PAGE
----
1981 Honda CX500c wiring

She works! Two nights ago, after getting home from the shop, I looked at the Honda manual’s electrical diagram thinking about why the front brake, headlight, and running lights work, but not the rear brake, turn signals, oil and clutch lights.

The problem with figuring it out was that the harness did not match the model bike I worked on, and it wasn’t the same as any of the 3 diagrams I used. So, I had to really think about how power is routed. Fortunately, once I matched the connectors that go in the headlamp fixture to the ones in the diagram, I could see that only 4 or 5 wires were different. (When we bought the bike, the wires were in a tangled ball outside the fixture.) Maybe there were more mismatched wires, but there were only a few that mattered.

Power for the lights must come through the ignition switch. The lights I mentioned– front brake, headlight, and running lights– did. The rest were powered by…? That was the problem. Those were connected directly to the voltage regulator attached to the rectifier. But power doesn’t come through there unless the engine is running. The oil and clutch lights must come on before the engine is started. So where was the power going to come from? It also had to come from the ignition switch.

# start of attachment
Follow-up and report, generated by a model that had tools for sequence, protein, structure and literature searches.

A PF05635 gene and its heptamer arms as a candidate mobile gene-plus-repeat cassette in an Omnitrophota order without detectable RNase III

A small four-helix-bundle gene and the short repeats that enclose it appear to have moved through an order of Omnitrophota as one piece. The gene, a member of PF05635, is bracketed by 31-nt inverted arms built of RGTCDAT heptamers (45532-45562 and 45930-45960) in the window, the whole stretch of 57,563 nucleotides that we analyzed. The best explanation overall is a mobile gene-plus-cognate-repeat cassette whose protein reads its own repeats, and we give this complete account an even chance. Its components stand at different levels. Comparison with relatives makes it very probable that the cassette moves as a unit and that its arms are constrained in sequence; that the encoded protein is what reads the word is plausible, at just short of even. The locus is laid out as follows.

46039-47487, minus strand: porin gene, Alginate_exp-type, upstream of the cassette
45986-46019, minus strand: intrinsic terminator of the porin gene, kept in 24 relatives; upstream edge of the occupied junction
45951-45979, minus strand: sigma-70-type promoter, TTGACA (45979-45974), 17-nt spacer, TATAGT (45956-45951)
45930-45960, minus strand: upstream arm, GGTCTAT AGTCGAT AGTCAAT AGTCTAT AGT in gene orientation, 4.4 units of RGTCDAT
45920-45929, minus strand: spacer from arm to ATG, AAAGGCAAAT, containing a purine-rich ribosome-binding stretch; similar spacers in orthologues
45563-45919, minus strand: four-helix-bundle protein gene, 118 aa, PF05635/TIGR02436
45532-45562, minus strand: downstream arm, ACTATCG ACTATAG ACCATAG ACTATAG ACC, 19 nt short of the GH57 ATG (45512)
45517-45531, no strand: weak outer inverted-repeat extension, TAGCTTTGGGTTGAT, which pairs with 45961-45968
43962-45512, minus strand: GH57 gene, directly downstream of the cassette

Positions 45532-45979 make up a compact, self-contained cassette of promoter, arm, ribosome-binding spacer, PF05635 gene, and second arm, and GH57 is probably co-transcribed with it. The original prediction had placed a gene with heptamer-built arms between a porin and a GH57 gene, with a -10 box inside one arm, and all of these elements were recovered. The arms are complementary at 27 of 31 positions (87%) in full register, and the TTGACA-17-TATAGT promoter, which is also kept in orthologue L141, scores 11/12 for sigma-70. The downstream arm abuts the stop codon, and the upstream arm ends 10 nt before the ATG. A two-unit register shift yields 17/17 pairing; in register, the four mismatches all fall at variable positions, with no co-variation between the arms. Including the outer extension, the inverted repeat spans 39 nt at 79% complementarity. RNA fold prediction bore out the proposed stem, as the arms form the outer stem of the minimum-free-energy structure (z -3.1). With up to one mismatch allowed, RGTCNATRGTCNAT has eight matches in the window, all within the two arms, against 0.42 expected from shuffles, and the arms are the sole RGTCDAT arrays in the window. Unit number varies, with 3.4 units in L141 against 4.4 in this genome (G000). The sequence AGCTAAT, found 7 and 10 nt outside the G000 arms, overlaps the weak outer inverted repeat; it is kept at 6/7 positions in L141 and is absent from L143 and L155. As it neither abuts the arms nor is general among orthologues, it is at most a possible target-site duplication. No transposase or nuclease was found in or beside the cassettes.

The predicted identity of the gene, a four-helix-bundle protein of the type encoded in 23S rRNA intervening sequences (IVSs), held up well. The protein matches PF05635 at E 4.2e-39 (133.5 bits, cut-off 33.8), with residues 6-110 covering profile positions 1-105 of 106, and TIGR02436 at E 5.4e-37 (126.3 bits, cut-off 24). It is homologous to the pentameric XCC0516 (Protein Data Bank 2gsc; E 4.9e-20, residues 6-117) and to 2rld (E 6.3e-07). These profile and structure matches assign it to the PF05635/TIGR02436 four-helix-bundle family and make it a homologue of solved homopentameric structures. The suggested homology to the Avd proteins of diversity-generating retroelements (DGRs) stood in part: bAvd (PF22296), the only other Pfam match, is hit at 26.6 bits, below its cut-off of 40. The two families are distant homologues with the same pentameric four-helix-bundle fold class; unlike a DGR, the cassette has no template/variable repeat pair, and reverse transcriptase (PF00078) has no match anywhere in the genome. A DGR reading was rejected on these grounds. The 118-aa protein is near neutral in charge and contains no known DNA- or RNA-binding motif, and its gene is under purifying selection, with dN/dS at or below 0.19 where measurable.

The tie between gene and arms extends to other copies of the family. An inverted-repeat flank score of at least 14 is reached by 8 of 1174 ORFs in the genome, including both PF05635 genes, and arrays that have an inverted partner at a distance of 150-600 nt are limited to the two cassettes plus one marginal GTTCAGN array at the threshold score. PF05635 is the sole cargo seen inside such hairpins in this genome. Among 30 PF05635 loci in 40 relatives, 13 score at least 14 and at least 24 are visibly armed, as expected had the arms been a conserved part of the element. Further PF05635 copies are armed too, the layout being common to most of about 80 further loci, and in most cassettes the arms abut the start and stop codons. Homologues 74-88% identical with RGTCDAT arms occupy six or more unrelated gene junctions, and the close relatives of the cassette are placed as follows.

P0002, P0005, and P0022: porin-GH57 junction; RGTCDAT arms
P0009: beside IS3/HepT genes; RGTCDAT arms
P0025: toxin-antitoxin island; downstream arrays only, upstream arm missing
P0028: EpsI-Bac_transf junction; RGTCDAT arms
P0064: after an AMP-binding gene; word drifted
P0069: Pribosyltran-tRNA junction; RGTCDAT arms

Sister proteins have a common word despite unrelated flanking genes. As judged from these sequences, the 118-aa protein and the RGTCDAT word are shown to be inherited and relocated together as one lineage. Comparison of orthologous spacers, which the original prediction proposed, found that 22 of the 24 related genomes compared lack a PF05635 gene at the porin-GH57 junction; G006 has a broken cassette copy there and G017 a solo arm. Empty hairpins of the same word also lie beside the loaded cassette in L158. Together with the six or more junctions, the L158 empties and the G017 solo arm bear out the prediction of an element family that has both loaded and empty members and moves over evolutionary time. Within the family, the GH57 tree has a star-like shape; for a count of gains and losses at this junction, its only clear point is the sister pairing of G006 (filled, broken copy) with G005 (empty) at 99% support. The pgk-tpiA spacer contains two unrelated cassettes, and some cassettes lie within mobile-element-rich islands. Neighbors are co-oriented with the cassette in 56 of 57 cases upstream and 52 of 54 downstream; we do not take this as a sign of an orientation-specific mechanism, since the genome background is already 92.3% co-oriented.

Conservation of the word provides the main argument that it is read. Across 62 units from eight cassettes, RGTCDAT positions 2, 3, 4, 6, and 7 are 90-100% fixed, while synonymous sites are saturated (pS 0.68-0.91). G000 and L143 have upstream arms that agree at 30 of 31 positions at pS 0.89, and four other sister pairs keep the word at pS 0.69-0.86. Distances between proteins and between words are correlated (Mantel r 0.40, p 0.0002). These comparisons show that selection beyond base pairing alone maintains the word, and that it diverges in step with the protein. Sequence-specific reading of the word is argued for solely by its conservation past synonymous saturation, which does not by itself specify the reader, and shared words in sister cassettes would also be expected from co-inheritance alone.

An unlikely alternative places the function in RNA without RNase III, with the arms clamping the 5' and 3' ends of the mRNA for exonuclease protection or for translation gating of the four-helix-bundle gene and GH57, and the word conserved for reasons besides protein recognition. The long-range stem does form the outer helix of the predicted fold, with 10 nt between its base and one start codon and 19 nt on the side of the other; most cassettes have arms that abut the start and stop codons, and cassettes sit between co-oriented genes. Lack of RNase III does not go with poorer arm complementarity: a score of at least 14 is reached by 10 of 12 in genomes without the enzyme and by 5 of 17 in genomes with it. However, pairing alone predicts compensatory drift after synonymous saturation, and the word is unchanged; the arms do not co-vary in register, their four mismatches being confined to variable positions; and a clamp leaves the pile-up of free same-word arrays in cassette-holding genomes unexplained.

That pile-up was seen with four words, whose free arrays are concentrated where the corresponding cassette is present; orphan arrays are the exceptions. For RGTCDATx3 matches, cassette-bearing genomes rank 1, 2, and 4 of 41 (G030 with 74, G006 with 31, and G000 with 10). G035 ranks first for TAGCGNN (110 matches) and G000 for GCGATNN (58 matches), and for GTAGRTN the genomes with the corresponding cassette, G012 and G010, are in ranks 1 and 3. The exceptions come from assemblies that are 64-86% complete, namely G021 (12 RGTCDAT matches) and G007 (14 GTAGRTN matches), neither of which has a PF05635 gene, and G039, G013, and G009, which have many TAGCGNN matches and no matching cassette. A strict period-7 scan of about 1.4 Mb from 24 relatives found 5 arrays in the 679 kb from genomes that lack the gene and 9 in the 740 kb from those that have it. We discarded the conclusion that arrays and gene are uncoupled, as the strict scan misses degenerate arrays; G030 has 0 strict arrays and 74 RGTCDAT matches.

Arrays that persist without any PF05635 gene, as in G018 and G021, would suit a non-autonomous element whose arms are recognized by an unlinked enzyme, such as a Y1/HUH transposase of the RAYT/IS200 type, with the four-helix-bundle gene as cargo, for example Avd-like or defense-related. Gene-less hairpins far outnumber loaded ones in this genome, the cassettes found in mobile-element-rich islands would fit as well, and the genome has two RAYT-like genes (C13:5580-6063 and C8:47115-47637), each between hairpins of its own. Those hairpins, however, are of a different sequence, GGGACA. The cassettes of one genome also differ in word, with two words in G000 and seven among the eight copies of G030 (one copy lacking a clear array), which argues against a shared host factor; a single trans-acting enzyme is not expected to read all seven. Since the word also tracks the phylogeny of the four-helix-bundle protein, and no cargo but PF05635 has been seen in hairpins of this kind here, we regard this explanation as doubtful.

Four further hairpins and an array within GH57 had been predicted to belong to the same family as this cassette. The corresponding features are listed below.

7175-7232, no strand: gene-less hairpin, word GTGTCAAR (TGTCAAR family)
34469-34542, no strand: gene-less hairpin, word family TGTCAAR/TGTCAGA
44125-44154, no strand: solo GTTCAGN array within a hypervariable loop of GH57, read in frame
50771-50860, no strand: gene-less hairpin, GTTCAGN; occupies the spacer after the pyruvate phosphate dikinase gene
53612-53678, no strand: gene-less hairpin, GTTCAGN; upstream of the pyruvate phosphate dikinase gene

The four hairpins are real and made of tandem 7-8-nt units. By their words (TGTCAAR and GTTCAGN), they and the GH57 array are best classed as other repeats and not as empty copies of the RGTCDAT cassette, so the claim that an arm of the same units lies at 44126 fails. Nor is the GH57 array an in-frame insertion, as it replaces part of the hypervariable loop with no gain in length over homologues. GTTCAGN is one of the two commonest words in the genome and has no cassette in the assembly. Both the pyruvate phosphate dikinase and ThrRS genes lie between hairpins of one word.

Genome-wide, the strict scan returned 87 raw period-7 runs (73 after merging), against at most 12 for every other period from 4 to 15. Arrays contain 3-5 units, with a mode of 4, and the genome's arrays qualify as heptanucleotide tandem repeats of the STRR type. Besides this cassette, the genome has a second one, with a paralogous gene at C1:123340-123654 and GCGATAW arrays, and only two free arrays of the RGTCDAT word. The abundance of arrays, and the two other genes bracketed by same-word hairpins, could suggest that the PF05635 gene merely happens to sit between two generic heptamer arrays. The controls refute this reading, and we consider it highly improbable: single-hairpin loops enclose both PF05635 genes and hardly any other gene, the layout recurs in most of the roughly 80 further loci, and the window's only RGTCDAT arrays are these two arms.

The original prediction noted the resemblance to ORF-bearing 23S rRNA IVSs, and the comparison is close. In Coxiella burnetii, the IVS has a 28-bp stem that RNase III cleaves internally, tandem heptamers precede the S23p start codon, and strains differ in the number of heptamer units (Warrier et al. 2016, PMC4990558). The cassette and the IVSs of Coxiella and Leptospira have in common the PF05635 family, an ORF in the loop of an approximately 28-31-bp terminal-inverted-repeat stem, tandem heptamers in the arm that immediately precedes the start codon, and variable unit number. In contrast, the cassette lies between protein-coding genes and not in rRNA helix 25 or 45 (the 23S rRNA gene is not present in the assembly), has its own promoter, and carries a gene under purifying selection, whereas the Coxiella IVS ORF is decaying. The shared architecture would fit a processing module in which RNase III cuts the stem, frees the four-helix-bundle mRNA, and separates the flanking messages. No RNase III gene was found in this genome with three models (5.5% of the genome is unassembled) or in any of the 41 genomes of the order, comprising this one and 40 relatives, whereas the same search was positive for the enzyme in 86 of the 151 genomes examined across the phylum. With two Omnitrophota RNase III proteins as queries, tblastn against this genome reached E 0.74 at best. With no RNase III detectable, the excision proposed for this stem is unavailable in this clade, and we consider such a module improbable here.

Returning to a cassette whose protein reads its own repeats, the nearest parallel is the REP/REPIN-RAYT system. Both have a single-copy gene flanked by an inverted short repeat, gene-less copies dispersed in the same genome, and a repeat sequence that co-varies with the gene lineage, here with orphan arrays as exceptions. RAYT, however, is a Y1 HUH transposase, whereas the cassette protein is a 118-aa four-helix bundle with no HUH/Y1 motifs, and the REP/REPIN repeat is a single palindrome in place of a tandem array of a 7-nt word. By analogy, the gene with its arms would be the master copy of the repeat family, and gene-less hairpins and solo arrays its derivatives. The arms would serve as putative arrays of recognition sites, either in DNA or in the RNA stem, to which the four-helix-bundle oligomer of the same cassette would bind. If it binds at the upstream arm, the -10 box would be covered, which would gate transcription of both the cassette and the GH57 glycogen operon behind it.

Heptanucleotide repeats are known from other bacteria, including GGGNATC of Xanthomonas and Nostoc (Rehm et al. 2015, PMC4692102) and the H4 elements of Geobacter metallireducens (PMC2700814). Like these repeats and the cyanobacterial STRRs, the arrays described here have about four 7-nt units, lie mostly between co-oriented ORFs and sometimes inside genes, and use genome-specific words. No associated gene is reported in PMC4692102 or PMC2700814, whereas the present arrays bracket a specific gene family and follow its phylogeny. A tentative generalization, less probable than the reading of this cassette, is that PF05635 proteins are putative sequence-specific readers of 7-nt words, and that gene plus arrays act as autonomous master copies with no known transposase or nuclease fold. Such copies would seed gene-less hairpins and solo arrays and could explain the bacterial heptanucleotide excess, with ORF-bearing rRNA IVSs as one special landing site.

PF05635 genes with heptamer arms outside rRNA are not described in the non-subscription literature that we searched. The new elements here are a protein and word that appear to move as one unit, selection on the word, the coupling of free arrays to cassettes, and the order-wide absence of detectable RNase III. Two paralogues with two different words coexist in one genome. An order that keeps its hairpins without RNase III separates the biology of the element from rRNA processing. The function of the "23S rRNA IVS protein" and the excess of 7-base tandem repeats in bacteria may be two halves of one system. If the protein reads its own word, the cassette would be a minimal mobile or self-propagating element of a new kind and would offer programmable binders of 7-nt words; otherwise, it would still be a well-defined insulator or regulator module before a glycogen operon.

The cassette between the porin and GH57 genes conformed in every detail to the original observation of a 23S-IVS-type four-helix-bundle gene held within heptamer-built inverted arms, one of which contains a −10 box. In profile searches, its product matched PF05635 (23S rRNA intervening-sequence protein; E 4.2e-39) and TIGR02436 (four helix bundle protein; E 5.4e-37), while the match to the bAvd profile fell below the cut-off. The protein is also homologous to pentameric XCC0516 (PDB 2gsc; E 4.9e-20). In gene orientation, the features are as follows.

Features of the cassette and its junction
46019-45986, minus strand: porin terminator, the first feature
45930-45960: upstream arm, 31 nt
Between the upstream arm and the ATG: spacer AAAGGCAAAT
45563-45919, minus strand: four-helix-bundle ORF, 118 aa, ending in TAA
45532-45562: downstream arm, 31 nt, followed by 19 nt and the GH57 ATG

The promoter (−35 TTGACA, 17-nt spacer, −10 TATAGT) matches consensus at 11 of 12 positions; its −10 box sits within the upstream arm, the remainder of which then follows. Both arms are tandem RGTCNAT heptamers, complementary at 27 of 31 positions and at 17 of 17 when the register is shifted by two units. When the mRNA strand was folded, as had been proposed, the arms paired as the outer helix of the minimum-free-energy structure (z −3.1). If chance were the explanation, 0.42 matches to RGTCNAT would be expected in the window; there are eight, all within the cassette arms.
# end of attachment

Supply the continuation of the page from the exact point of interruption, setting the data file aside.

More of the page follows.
The original Honda plan has a black wire that appears to end on a connector. That connector was obviously different from what I had on the bike. Sure enough, that black wire on the plan was on the same circuit as all those non-working lights. The original connector probably had connection to power in it. But my connector is different; it doesn’t have that connection.

I wanted to put these lights on a different circuit from the front brake so that in case one circuit went bad the other circuit would still have a brake light. This second circuit also had to come from a 10amp sub-fuse. The headlamp needs its own fuse since it uses the most power at about 40 watts on low beam. The brake light is 27 watts, each turn signal, 23W. The lights on the indicator panel use 3-4 watts each.

I had to find a battery-powered wire to splice into. Fortunately, on this harness, there was a spare brown wire routed via the ignition switch from a non-headlamp fuse. The only other thing this circuit powered was the speedometer/tachometer night lights. I connected this brown wire to a spliced-in black wire from the turn signal circuit.

Unfortunately, with everything wired, too much power was needed to make everything work through one sub-fuse. I ended up disconnecting the front running lights (turn signal lights that stay on when not indicating a turn) in order to have enough power to run the essentials– brake light, running tail light, oil and clutch indicators, and turn signals.

I have to say, I really enjoyed working on this project. Moreso than other kinds of projects. Writing my book wasn’t even as fun.

Now that I can get the bike inspected, next electrical step is to replace the turn signals for LEDs. They will draw less power. Then I’ll be able to reconnect the front running lights. (I’ll swap those, too.) I also want to add 2 more brake lights to make a braking triangle. This could potentially prevent being rear-ended by absent-minded cagers.

Can’t wait to ride! Snow, go away!

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